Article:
It had 512 SuperSPARC I 32 MHzÂ CPUs, 16GB of RAM (cheaper configurations had 8GB), and 140GB of disk storage.
The storage array was composed of 1.2GB 3.5″ SCSI disks with throughput of 2MB/s each, which were effectively in a sort of RAID-0 array; a paper I found (PDF) said that each 56-disk-set had a theoretical throughput of about 110MB/s, but in practice only managed 32MB/s reading and a much better 90MB/s writing, so presumably that 140GB array managed about 75MB/s write, 200MB/s read.
The CPUs alone would have drawn 7kW of power; I can’t find a number anywhere for the whole system, but probably at least 20kW, if not much, much higher; pricing was a weird, scandalous subsidy thing with DARPA, but somewhere over a million bucks. The individual cabinets were about 8 feet (2.5m) tall (this page has some photos with people for scale), and took up more or less a whole room; I couldn’t find any weight figures, but presumably several tons.
2011 MacBook Pro Specs
In comparison, my MacBook Pro has a four-core 2.2GHz CPU, 8GB of RAM (supports up to 16GB, if you’re rich), and a 120GB SSD (which I added; OWC 6G, SandForce 2200-based; about twice the performance of the stock SSD Apple offers) that can transfer data at around 500MB/s in both directions, plus a slower, old-fashioned spinning drive of 750GB that can manage around 90MB/s. The Sandy Bridge i7 CPU draws 45W at 2.2GHz, while the whole computer uses under 85W including screen, GPU, and battery charging. It cost me aroundÂ $3000 including the high-end SSD; a more stock configuration with a smaller screen (but otherwise identical specs) would cost closer to $2500.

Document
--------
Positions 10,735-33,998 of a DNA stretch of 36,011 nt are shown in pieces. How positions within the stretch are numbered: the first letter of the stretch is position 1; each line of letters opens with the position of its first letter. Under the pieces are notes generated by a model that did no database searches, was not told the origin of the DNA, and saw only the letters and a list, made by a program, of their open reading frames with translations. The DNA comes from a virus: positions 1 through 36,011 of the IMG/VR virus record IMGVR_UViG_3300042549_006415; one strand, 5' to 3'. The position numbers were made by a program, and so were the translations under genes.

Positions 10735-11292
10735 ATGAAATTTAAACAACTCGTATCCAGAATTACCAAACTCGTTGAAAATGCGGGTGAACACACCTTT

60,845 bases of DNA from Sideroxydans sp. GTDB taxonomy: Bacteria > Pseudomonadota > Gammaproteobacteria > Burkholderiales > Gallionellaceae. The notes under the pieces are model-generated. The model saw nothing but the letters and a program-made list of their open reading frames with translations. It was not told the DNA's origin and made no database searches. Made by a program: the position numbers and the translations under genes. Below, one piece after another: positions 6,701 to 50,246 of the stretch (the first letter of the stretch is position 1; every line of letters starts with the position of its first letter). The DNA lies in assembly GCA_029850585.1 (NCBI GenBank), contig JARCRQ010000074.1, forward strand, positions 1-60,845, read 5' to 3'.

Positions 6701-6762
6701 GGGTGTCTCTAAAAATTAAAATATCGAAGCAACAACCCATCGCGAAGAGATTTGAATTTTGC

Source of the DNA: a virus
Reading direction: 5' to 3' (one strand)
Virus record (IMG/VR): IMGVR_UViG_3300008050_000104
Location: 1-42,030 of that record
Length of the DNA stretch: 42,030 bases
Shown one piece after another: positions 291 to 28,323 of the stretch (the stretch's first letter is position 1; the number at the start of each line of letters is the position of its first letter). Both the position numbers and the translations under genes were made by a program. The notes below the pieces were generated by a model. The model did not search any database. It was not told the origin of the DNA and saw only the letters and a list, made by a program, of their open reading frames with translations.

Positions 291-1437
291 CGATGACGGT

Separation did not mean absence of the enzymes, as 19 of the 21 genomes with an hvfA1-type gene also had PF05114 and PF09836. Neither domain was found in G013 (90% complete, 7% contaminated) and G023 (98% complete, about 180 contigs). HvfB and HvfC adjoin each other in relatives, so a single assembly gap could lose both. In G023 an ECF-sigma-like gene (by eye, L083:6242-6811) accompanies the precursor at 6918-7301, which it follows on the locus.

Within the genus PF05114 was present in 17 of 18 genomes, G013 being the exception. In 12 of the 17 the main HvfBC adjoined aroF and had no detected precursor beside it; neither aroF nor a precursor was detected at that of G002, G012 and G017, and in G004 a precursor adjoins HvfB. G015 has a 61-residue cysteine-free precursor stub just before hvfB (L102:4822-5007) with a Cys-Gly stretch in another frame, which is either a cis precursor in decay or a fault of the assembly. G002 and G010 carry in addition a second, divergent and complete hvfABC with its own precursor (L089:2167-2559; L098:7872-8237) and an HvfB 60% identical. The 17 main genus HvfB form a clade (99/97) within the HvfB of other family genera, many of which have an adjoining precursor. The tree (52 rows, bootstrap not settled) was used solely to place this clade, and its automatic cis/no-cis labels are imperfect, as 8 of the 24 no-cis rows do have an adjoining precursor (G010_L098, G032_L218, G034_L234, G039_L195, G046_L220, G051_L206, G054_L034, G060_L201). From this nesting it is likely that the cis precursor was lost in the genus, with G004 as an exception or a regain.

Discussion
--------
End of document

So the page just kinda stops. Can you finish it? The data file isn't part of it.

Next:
Which, when you put it together, means that my high-end but not-particularly-unusual laptop from 2011 is about 18% faster than a 1993 CM-5/512, has the same amount of RAM as the lower-end configuration, a similar amount of storage that can transfer data at about twice the speed (or, if you go with stock hardware, 5 times as much at half the speed), and uses at worst 1/200th the power, if not much less than that, for maybe 1/500th the cost.
A very close match to one of the best room-sized computers a few million dollars would buy you in 1993, and you can carry it in a briefcase and run it off of an internal battery for several hours.
Or, alternately, it would have been the fastest (publicly-known) computer on earth 20 years ago. If we compare it to our Cray-1 era of 35 years ago, it might well be faster than every general-purpose computer on the planet combined.